The American Farm Bureau Federation is the unified national voice of agriculture, working through our grassroots organizations to enhance and strengthen the lives of rural Americans and to build strong, prosperous agricultural communities.
The purpose of this initiative is to help you answer questions about the “waters of the U.S.” proposed rule and to provide resources to make it easier for the public to engage in the campaign to fight the rule as currently proposed.
Puddles, ponds, ditches, ephemerals (land that looks like a small stream during heavy rain but isn’t wet most of the time) and isolated wetlands dot the nation’s farmland. The Environmental Protection Agency (EPA) and the U.S. Army Corps of Engineers (the Corps) on June 29 finalized a rule that expand its regulatory authority under the Clean Water Act (CWA) to these types of land features and waters, giving the agencies the power to dictate land-use decisions and farming practices in or near them. On August 28, the new rule became effective, making it more difficult to farm or change a farming operation to remain competitive and profitable.
261-155: the House did its job to stop the Waters of the U.S. rule. Now the Senate must do the same.
Farm Bureau needs you to contact your Senators and urge support for the Federal Water Quality Protection Act, S. 1140.
The EPA has finalized the rule and began implementation on August 28, 2015. Although the lawsuits challenging the rule have been filed, the Senate must consider legislation that would stop the Waters of the U.S. rule.
As soon as EPA finalized its new rule, its spin machine was in overdrive (again), this time labeling their bundle of fabrications: “The Clean Water Rule FACT CHECK.” We took the opportunity, again, to check their “facts” with a six-page legal analysis explaining how EPA again misleads the public over EPA’s expansion of jurisdiction over waters.
EPA’s jurisdiction under the Clean Water Act is expanded immensely under the final Waters of the U.S. Rule. Among the numerous questionable provisions, the rule would define “navigable waters” so as to regulate countless ephemeral drains, ditches and “wetlands” that only contain water when it rains. But whether they are wet or dry on any given day, farming, home building, business expansions, commercial development and countless other land uses in or near these land features will require a federal permit. Permits might take years, or might never be issued. The result amounts to nothing short of federal zoning authority.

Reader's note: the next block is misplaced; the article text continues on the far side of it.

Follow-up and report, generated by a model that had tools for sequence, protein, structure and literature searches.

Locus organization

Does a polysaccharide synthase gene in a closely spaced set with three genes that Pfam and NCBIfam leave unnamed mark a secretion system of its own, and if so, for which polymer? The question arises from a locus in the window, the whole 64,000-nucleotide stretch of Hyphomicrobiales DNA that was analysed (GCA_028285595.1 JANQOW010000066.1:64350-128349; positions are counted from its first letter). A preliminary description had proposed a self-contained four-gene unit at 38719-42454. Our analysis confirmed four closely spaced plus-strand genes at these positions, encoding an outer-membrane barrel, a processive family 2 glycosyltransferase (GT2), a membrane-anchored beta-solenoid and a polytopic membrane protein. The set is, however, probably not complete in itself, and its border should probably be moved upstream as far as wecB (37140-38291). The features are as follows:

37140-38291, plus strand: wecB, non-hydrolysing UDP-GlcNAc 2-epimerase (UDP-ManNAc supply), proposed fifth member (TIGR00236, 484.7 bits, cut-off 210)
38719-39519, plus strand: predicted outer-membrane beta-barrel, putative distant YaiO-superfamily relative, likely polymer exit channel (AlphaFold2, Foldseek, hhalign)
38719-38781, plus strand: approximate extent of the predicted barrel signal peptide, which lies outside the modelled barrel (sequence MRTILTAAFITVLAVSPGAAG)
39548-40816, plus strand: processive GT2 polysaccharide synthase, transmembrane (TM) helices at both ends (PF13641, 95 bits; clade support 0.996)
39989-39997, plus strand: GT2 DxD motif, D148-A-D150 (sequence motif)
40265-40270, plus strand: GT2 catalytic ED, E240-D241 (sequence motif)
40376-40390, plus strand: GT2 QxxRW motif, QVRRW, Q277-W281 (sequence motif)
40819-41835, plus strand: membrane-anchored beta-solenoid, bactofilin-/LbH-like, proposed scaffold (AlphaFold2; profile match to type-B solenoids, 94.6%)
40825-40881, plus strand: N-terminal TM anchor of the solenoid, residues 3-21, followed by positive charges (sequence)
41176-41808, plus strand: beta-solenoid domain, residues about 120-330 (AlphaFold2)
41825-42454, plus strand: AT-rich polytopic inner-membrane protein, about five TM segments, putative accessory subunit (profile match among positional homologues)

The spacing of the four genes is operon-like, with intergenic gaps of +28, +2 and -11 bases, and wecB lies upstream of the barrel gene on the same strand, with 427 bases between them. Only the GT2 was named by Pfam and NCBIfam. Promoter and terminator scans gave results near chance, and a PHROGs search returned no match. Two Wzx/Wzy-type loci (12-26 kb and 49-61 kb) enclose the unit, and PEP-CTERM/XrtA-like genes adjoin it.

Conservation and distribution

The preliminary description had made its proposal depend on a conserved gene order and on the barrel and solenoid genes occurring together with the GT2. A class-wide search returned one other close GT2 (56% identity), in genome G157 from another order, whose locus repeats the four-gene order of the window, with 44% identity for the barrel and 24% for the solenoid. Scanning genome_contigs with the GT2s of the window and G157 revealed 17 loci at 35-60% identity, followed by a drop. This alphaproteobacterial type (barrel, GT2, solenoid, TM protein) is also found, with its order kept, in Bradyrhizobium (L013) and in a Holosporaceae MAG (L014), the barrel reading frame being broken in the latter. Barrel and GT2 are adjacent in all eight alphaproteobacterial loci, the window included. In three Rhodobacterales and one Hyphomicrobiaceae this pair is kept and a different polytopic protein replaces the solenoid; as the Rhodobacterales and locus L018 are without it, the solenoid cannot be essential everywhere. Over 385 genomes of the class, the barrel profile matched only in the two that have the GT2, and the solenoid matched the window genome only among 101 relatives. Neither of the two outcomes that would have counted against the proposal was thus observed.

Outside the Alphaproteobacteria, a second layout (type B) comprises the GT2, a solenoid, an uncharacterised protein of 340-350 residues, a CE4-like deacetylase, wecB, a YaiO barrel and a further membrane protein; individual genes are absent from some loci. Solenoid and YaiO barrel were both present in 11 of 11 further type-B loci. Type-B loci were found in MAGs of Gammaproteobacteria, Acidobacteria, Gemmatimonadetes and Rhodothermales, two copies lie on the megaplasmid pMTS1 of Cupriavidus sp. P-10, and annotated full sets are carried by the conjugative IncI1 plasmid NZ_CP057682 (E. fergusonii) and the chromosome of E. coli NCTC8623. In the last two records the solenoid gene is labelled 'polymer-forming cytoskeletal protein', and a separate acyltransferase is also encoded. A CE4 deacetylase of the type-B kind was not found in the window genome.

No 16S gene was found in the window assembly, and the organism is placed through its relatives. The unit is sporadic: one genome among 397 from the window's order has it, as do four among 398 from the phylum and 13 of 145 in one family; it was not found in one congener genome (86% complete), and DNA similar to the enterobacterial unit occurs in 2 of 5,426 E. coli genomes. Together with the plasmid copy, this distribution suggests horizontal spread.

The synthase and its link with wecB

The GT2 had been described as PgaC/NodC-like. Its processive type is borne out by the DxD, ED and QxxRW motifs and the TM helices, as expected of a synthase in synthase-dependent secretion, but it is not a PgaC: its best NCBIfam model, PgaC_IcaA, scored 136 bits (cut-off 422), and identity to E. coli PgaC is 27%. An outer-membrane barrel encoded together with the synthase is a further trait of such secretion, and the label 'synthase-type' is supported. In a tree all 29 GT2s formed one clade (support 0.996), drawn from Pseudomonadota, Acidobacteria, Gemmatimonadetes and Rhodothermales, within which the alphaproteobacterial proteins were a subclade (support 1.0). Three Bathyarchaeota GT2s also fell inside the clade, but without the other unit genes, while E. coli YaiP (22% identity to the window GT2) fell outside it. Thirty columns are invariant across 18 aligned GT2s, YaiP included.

This is not what Congress had in mind when it wrote the Clean Water Act.
In the final rule, EPA and the Corps can regulate almost all waters. AFBF has read the fine print of the final rule and looked at maps of “waters” that would be regulated by the federal government and our analysis is frightening! Very few “waters” found on the farm would be free from potential jurisdiction.
EPA clearly thinks it does, but the Supreme Court has said in two separate decisions that there are limits to EPA’s authority under the Clean Water Act. If the agency can regulate every water body from the largest to the smallest, and even those areas that aren’t wet most of the time, as it is proposing in this rule, then there are effectively no limits to the agency’s regulatory reach.
Learn why EPA’s attempt to redefine the Clean Water Act is regulatory overreach and unnecessary.
Tell EPA it’s time to DitchTheRule!
Advocates for the proposed rule claim that it would restore protections that existed before the Supreme Court’s decisions in 2001 and 2006; however, that is a gross misinterpretation. The court upheld the limits that already existed in the Clean Water Act. EPA might have behaved as if it had the authority to regulate every puddle and ditch in the country, but that doesn’t mean it was right.
For me … the EPA and Corps Clean Water regulations could literally make farming a large portion of our land impossible.”
EPA’s implication that only the federal government is capable of protecting small bodies of water is not supported by science or facts, and EPA certainly has not provided any evidence to support that assertion.
“It threatens local land-use and zoning authority, and is an end-run around Congress and the Supreme Court.”
First, the exemptions are extremely narrow. They only apply to one part of the CWA, the section 404 “dredge and fill” permit program. The rule provides no protection from enforcement over other activities, such as weed control, fertilizer applications and any number of other common farm activities that may trigger CWA liability and permit requirements.
In addition, a farmer has to have been farming continuously at the same location since 1977 to benefit from the exemptions.
There is absolutely no legal right to a permit to “discharge” into “navigable” waters—or any deadline on an agency’s process to issue a permit. Permitting may take months or even years, or permits may simply be unavailable.
EPA has said the proposed rule will benefit businesses by making it easier to determine if a body of water is covered by the Clean Water Act. Indeed, it is easier if everything is covered. But that certainly doesn’t save anyone from the costs and burdens of increased regulation.
The public comment period on the proposed rule has ended, and now it is time for Congress to step in and help us Ditch the Rule!
If dry farm fields and ordinary farm ditches and ponds are allowed to be regulated as "waters of the U.S.," farming and ranching will suffer and so will those who depend on agriculture for food.